• 1 teaspoon freshly ground black pepper
  • 1 teaspoon coarse kosher salt

  • 2 cups coarsely grated carrots
  • 2 cups coarsely grated Japanese white radish [you can substitute purple turnip or jicama]
  • 1/4 cup unseasoned rice vinegar
  • 1/4 cup sugar
  • 1 teaspoon coarse kosher salt
  • 1 tablespoon Asian sesame oil
  • 4 10-inch-long individual baguettes or 
  • 4 10-inch-long pieces French-bread baguette (cut from 2 baguettes)
  • Thinly sliced jalapeño chiles
  • 16 large fresh cilantro sprigs

Prepare the Hot Chili Mayo:
Stir all ingredients in small bowl. Season with salt. Can be made 1 day ahead. Cover and chill.

Prepare  the Meatballs:
Gently mix all ingredients in large bowl. Using moistened hands and scant tablespoonful for each, roll meat mixture into 1-inch meatballs [NB: I always make my meatballs flat like mini-hamburgers, so they cook quicker and more evenly].  Can also be made 1 day ahead. Cover and chill.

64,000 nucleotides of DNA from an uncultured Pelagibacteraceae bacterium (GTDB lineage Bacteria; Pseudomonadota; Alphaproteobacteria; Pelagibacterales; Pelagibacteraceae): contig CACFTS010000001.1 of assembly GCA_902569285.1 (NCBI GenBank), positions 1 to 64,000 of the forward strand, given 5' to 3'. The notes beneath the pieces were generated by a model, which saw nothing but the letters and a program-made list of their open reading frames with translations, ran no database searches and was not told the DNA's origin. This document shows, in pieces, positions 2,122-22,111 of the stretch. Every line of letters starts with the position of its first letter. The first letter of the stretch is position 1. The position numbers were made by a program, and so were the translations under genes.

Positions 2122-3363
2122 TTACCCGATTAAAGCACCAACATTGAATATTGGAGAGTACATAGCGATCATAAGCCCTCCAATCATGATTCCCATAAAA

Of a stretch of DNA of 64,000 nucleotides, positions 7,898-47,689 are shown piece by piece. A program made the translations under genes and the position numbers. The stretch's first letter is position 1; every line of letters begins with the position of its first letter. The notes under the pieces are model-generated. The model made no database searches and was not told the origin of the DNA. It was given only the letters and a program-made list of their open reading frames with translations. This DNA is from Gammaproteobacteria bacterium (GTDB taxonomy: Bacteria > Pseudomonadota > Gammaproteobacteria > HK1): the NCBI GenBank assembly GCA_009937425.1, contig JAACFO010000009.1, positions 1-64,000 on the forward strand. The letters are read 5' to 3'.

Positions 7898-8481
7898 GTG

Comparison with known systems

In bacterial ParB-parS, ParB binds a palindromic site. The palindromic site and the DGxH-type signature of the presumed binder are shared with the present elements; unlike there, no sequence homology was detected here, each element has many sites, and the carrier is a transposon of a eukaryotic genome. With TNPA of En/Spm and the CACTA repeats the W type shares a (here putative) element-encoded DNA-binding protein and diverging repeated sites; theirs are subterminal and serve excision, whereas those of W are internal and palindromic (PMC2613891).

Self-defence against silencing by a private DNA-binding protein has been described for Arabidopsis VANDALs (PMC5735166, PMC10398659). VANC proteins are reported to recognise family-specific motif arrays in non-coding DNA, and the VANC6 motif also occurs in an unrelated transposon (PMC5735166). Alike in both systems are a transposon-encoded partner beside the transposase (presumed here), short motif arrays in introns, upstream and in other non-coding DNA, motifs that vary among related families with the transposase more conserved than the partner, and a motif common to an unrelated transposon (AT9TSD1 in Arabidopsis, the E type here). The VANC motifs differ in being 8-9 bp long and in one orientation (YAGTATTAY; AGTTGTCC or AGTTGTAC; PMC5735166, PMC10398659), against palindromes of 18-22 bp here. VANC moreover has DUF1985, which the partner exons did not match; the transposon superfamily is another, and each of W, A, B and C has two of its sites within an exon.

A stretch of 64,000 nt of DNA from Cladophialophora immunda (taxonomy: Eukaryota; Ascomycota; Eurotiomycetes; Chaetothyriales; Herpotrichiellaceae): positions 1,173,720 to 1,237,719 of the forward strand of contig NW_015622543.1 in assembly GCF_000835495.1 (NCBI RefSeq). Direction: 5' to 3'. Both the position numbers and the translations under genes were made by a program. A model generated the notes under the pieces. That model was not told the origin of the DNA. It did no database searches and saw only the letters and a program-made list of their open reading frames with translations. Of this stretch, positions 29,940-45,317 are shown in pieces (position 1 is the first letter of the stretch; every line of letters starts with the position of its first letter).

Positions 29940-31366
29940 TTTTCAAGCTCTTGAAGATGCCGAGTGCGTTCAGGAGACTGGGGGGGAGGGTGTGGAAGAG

Prepare the Sandwiches:
First, assemble the homemade carrot/radish pickles.  Toss first 5 ingredients in medium bowl. Let stand at room temperature 1 hour, tossing occasionally.

Heat sesame oil in large skillet over medium-high heat. Add half of meatballs. Sauté until brown and cooked through, turning meatballs often and lowering heat if browning too quickly, about 15 minutes. These may be kept warm in a 300 degree oven.

Cut each baguette or baguette piece horizontally in half. Pull out enough bread from each bread half to leave 1/2-inch-thick shell. Spread hot chili mayo over each bread shell. Arrange jalapeños, then cilantro, in bottom halves. Fill each with 1/4 of meatballs. Drain pickled vegetables [I didn't drain mine, as I like my banh mi kind of juicy/squishy]; place pickles atop meatballs. Press on baguette tops.

Read More http://www.epicurious.com/recipes/food/views/Pork-Meatball-Banh-Mi-356790#ixzz0rbfreFmp

1 comment:

  1. The bahn mi I've had usually use cold cuts like thinly sliced ham, instead of meatballs. I'll have to try this version. Sounds delicious!